Laughter and Tears at the Shaolin Poetry Night

On August 6th 2011, a Saturday like no other, the Temple hosted a different kind of training. One of Shifu’s oldest disciples, Heng Fo, returned from his home in Chicago to the Temple for the first time in many years to share some love. He was the host to the first USA Shaolin Temple poetry night fundraiser, “Snake Spits Its Tongue”, to benefit the new Shaolin Temple in upstate New York. Accompanying Heng Fo, aka Fo Flight 69, were the Five Deadly Spitters: Amorpoesia, Drunken Monkeee, and Choir Boy, who had come from Chicago with Fo to perform. Vadim Galperin and the USA Shaolin Temple Demo team rounded out the rest of the line up.

The Temple is and always will be a place to express oneself; to express both the good and the bad, the painful and the euphoric. Everyone who has trained there knows that in the movements that we perform during class, we are laughing, crying, loving, hating, and exploring the feelings that make up the kaleidoscope of emotions that effect how we live our lives. We don’t talk during class, but our bodies and movements are telling our stories loudly. We are all sharing our own personal stories. And these stories show us that we are all at times good, we are all bad, we are all ugly, and we are all – most importantly – always beautiful.

We say “Amituofo” as a greeting for many reasons to each other, but in this instance, the main reason would be to acknowledge the person and their story. The story of their experiences and journey that lead them to stand in front of you and say “Amituofo”. On that Saturday, Fo Flight 69 and the 5 Deadly Spitters gave us their stories. Heng Fo loves and respects Shifu, and with Shifu’s reflected love shining back onto him, he and his group of Spitters dived head first into an unadulterated world of human heartache and love.

Wearing a Chinese straw hat which he had bought on one of the first USA Shaolin Temple trips to China in 2001, Heng Fo spoke of life that happens when people collide. The Spitters spoke of what happens when people question each other, when people love and hurt each other, when people are affected by one another, and when people take a stand and start telling their own stories. The evening started with Fo describing his journey back to the temple and the rush of emotions that it entailed. During his readings, the USA Shaolin Temple demo team performed qigong in the background. In another piece, “Woman”, Amorpoesia expounded on the strength and spirit of women while the female members of the Temple’s demo team performed staff form in unison. Another piece demonstrated the combination of physical and mental inherent in Shaolin philosophy with Heng Fo and Heng Xu, a member of the demo team, performing different but similar styles of taiji quan. Another action piece had Vadim Galperin, another long-time temple student, performing a beautiful African dance routine.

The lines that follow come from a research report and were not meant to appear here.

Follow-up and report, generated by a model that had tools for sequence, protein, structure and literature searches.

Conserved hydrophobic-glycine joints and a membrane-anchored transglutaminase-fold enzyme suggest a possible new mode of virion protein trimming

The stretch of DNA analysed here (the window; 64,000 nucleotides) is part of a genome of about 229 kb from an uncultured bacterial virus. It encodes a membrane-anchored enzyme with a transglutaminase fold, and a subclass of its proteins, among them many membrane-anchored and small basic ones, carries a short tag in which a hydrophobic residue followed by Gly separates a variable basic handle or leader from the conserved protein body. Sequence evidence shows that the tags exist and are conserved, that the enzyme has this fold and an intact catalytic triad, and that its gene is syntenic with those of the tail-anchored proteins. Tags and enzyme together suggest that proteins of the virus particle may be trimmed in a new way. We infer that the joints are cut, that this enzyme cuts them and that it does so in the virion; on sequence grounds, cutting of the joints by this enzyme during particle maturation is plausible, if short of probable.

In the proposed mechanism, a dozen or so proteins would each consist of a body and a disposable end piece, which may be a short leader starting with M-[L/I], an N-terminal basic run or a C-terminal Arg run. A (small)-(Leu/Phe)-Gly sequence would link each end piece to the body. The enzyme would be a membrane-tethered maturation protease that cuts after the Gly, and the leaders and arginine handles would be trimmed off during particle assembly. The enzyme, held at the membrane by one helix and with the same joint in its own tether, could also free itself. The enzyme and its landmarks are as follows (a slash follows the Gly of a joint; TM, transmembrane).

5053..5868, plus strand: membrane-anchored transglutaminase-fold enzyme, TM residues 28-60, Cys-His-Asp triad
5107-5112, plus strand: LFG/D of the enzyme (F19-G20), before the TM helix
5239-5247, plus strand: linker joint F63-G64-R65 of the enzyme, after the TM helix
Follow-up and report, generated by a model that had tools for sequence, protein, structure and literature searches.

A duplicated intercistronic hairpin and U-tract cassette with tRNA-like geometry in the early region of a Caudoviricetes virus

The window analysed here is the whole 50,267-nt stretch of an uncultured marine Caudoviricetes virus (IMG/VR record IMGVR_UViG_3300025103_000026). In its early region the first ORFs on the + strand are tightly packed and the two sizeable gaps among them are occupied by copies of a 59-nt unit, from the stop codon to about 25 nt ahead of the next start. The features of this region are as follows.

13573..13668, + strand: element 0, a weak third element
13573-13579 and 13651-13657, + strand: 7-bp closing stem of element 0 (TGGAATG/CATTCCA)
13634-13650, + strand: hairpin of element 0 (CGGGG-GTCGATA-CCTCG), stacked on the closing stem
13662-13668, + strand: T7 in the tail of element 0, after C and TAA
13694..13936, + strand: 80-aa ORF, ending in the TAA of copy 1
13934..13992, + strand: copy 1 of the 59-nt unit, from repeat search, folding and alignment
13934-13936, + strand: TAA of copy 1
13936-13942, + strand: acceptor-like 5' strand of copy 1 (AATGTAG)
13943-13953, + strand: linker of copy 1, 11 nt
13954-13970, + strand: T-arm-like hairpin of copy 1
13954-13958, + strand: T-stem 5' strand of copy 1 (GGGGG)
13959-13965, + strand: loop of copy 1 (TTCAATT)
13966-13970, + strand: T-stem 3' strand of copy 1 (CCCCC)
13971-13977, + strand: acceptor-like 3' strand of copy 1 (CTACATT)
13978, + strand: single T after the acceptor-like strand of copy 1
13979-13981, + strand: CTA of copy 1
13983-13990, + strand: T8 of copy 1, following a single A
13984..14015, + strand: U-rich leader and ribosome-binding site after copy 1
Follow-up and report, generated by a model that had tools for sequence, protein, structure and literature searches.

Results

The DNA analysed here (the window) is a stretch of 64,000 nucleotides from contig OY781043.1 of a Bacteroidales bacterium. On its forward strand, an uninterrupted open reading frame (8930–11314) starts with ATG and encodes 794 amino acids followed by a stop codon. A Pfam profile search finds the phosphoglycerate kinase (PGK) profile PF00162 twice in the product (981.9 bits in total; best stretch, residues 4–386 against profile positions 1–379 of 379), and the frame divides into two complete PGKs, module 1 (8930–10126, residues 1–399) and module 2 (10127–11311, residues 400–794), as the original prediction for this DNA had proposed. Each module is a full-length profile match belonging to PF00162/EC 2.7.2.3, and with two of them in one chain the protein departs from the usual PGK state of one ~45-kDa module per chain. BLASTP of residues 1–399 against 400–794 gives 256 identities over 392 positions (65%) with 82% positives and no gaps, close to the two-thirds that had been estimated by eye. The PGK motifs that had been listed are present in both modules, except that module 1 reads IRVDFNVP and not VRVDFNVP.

The performances flowed into each other like a river of consciousness, often taking a phrase from the previous story to build a new scene. In “Ghetto Diva” the phrase “mother’s daughter” was used as a cruel put down, but it blossomed into pride and triumph in the next piece, “Mother’s Daughter”.

The USA Shaolin Temple Demo team performed staff, sword, and free hand forms to a piece called “Peace Be Still”. Just as the temple students try to “flatten their hearts” while training, moving away from their own emotional stories to practice gongfu purely propelled by qi, this piece reflected that peace and stillness within action meditation. The stillness that reciting the sutra brings. When we share our stories over and over again, whether during training or in a poetry performance, we are reaching for that stillness, that peace which is freedom in this world.

At the end of the night, audience and performers alike were exhausted, spent, and moved. With love as the fulcrum of the evening, we all played in the darkness. Scars were revealed and shared. And we all survived in the end.  More Chi, Train Harder!

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